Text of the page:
Throughout history, we have seen that being black in America comes with the realization that you may have to learn to navigate the world differently than other groups. This can be confusing when you’re trying to find yourself in a world that doesn't truly see you. Along the way you may end up losing your individuality and end up trying to escape reality. In the novel, Invisible Man by Ralph Ellison and the memoir Black Boy by Richard Wright we are introduced to two African American characters struggling with their identities and their invisibility. While both narrators are trying to develop a sense of identity, the way they deal with their external circumstances differs greatly.
Brent Staples “ Just Walk on By: A Black Man Ponders His Power to Alter Public Space” and Richard Rodriguez comparing the similarities and differences of Staples and Rodriguez 's article. Racism is a very difficult and confusing problem to deal at a very young age that can affect one 's mentality and perceptions of oneself then and later on. ,both Staples and Rodriguez had experienced racism for a very long time having firsthand experience of racism at young ages, such young ages in fact that it left a mark on each of them as they begin to realize at vulnerable times of their life what life is like being black or having dark skin. For example, Staples discovered this at the age of twelve as a white women saw fearing for her life. Rodriguez’s first experience of racism was at the age of 7 told by his mother to put a towel over his shoulder to cover some of his dark skin.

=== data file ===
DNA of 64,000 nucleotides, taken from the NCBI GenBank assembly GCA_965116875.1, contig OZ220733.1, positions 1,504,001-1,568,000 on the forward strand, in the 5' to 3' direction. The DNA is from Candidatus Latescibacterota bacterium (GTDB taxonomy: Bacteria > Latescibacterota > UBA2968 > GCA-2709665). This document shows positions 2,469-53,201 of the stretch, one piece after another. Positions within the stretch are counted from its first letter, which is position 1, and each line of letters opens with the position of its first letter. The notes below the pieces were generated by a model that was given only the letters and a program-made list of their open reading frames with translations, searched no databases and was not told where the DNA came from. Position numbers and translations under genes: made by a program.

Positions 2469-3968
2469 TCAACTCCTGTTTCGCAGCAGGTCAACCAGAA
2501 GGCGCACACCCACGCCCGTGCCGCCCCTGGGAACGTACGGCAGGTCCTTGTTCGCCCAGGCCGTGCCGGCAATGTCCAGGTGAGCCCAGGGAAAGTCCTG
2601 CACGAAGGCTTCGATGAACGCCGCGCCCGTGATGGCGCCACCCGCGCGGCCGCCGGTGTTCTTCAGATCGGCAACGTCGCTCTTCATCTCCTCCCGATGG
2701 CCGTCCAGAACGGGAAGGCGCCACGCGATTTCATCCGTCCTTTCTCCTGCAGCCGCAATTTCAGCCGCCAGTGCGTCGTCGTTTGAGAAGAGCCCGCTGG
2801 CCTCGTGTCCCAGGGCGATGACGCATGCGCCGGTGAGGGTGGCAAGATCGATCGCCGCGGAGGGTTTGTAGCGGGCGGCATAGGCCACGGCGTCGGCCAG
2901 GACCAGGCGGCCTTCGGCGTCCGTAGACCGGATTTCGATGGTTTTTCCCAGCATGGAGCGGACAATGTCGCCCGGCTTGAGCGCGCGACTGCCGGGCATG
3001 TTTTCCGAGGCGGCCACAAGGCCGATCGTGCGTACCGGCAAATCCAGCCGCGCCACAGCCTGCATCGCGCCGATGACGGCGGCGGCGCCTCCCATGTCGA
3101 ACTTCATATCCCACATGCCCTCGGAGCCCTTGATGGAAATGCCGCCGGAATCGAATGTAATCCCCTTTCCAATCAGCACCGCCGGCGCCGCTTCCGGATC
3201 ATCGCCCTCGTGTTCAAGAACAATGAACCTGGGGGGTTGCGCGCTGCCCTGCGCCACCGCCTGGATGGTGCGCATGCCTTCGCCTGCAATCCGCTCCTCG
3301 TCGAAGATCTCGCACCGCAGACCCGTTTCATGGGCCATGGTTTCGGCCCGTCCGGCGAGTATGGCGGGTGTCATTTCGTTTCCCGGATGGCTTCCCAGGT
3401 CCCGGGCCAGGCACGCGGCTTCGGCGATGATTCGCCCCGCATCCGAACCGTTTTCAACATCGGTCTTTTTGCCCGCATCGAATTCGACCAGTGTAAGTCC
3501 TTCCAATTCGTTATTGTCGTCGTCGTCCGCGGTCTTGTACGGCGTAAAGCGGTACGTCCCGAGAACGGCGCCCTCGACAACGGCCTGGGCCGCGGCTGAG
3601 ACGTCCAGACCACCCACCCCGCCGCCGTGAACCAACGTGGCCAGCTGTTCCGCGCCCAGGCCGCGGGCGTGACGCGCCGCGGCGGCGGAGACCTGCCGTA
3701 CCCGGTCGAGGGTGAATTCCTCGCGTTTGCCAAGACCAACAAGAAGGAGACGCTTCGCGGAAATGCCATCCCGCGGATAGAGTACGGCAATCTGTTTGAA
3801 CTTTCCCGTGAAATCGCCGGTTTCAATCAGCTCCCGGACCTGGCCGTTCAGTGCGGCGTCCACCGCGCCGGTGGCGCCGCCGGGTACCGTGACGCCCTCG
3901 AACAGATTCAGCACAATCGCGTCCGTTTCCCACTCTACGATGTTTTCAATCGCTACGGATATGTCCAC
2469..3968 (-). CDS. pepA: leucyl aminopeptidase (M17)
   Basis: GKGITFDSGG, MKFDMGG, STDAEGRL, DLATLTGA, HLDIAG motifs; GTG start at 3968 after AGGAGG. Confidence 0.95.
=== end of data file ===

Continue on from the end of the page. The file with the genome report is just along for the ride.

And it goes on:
In his book Between the World and Me, Ta-Nehisi Coates writes a letter to his son divulging into what life is like growing up as a black man. As Cotes writes he explores the life of a black man and the ways he must navigate through a society that prioritizes the white hegemonic above the lives of young black men. The specific idea that intrigued me the most in Coates’ book was his idea exploring that: “The streets and the schools as arms of the same beast” (Coats 33). Coates discussed that both schools and the street weaponize fear as a means of control over black men. Schools would use their power as an official system as a means to perpetuate racism.